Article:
Facing Evil: Why Christians and Atheists Need Each Other
The biggest and most difficult problem for both Christians and atheists is the problem of evil. Consequently, each side can learn something about the depth of the problem by viewing it from the perspective of the other.
BY: Randal Rauser
The problem of evil is difficult enough when it is stated in the clipped manner of a philosophical conundrum. But we are not simply talking about “evil” as some abstract concept in a logical argument. Instead, the word “evil” here stands for all the horrors that we see on a daily basis. If God is all-powerful and all-good then why does he allow those specific evils? If we are going to appreciate the depth of that question, we must descend into thick descriptions of the real, lived evils of history.
As I write this I think immediately of the recent Boston bombings. And I find that one specific image pops uninvited into my mind. It is the stomach churning scene of that dazed young man Jeff Bauman sitting in a wheelchair with his legs blown off. And I ask why?
If God is all-good then he doesn’t want his beloved creatures to suffer unnecessarily. And if he is all-powerful then he surely could prevent such suffering. And yet, in this case he did nothing to divert the trajectory of the bomb shrapnel that ripped apart the legs of this kind young man. So what do I say? God wasn’t good enough to protect Jeff and the other victims? Or he wasn’t powerful enough to do so? If he was both, then why didn’t he?
Some Christians are not particularly troubled by these kinds of questions. They are content to trust God knowing that he surely must have a reason for allowing such evils. I respect that kind of faith. But respecting the faith of some doesn’t mean I have to disrespect the doubt of others. Indeed, I find myself often sympathizing with the doubters. With then I ask, how God could possibly be justified in allowing the evil and suffering of the Boston marathon, or the collapsed sweatshop in Bangladesh, or the unthinkable massacre at Newtown? The more I meditate on the thick description of those horrors, the more I find myself filled with confusion, anger and helplessness. And the more I understand those who find themselves with doubts and even disbelief.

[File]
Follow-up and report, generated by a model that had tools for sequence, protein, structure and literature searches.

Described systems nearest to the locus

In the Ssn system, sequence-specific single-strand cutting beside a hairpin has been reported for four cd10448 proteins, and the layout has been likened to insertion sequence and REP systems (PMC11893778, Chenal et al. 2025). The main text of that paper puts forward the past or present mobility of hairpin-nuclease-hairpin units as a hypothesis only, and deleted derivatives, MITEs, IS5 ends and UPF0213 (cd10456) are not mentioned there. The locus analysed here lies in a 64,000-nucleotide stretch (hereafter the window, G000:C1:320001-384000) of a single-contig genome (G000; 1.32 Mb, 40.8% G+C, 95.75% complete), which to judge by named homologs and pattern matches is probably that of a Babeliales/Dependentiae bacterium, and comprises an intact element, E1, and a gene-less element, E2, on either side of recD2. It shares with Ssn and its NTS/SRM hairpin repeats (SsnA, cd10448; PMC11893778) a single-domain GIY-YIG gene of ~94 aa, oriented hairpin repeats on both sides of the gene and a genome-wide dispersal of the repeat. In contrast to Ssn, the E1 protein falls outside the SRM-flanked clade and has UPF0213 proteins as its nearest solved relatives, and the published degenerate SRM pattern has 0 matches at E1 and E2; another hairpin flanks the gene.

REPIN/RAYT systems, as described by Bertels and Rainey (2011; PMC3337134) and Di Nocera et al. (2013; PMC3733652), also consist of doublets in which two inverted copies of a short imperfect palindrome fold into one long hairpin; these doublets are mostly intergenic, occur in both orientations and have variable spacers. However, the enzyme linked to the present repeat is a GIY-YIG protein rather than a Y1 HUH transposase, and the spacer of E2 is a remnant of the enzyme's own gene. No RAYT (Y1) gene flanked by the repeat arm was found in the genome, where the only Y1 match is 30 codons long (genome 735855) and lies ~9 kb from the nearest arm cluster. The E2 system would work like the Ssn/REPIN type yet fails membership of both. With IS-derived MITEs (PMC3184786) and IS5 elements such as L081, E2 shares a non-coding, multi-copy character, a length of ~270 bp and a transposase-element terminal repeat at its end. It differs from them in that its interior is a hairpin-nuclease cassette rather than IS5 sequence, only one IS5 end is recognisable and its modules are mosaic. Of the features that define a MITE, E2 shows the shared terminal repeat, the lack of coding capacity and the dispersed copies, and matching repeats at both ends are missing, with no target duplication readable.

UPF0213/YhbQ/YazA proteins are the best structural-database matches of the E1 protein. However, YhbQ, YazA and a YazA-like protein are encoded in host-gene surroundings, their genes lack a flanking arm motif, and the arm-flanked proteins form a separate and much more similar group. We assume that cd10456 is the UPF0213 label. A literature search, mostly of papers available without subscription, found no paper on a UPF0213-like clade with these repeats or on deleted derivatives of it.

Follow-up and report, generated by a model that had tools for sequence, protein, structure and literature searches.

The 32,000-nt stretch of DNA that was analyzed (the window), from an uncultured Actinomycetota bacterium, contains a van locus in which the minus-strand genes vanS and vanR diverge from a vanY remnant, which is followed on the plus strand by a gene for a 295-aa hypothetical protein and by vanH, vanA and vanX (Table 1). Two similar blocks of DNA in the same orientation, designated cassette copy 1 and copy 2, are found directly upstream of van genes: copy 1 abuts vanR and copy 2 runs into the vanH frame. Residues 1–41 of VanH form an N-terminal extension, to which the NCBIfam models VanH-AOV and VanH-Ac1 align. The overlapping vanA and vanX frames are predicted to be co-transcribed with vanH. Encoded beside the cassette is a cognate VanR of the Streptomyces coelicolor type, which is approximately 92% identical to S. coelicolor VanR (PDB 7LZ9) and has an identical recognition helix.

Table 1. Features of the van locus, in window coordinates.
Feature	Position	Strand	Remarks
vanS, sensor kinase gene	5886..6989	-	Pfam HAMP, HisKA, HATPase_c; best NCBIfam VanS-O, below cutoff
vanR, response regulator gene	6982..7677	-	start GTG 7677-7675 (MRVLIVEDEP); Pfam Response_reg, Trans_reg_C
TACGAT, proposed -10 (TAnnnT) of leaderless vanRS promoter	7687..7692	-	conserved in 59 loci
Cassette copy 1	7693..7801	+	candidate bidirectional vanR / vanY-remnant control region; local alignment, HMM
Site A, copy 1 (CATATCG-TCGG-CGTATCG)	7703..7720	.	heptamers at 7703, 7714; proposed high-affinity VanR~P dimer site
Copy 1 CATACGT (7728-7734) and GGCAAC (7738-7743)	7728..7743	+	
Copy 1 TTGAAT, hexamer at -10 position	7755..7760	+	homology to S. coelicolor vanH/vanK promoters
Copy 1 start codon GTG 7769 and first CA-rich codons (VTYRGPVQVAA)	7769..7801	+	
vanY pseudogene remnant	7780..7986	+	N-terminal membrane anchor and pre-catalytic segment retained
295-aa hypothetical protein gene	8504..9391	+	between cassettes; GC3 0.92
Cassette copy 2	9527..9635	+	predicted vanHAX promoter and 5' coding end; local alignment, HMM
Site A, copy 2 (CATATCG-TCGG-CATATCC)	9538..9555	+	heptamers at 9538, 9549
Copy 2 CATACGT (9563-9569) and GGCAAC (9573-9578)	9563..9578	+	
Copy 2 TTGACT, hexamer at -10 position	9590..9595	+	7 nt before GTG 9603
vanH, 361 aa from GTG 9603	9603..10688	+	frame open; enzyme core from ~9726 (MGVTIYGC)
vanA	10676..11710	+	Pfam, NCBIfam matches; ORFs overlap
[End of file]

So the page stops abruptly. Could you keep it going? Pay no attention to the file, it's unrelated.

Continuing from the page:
Evil as an atheist’s problem
Evil may be a daunting problem for the Christian theist, but it remains a very deep problem for the atheist as well. To appreciate the problem, take a step back for a moment and consider the atheistic account of human origins and destiny. At this point I’ll defer to a 2008 interview Woody Allen gave with Macleans Magazine in which he succinctly and powerfully describes his own atheistic view of the universe:
“My own personal conclusion concurs with what seems to be the everyday finding of our physicists, that it was an accident, that it will end, and it was just an odd little phenomenon that has no meaning, that [it] wasn’t created by any super-being or with any design, it’s just a chance phenomenon and a microspeck in an overwhelming, violent universe, and it will end, and everything that Shakespeare did and Beethoven did, all of that will be gone, and every planet will be gone, every star will be gone—down the line—but that’s where we’re headed, out of nothing to nothing. And yet the trick, to me, seems to be to find, not meaning, but to be able to live with that and to enjoy life.”
Wow, now that’s bleak. Out of nothing and to nothing. Given that kind of vision it is hardly surprising that the most Allen can offer is for us to try to cope and find some happiness before we’re snuffed out.
Allen’s worldview runs directly into the problem of evil in two ways. To begin with, there is the shattering offense of evil. It seems to me that the breathtaking revulsion we experience when seeing Jeff Bauman being wheeled through the streets of Boston, his legs blown to ribbons by the unspeakable actions of terrorists, signals something about the perceived worth of human beings. We recognize at that moment that this is an objectively evil act, one that has marred a valued and loved creature of God. In Judeo-Christian theology we capture this sense of the worth of human beings with the declaration that we have been made in the image of God. Consequently the victimization and violation of a human being in a terrorist attack constitutes an offense against God and the universe he made.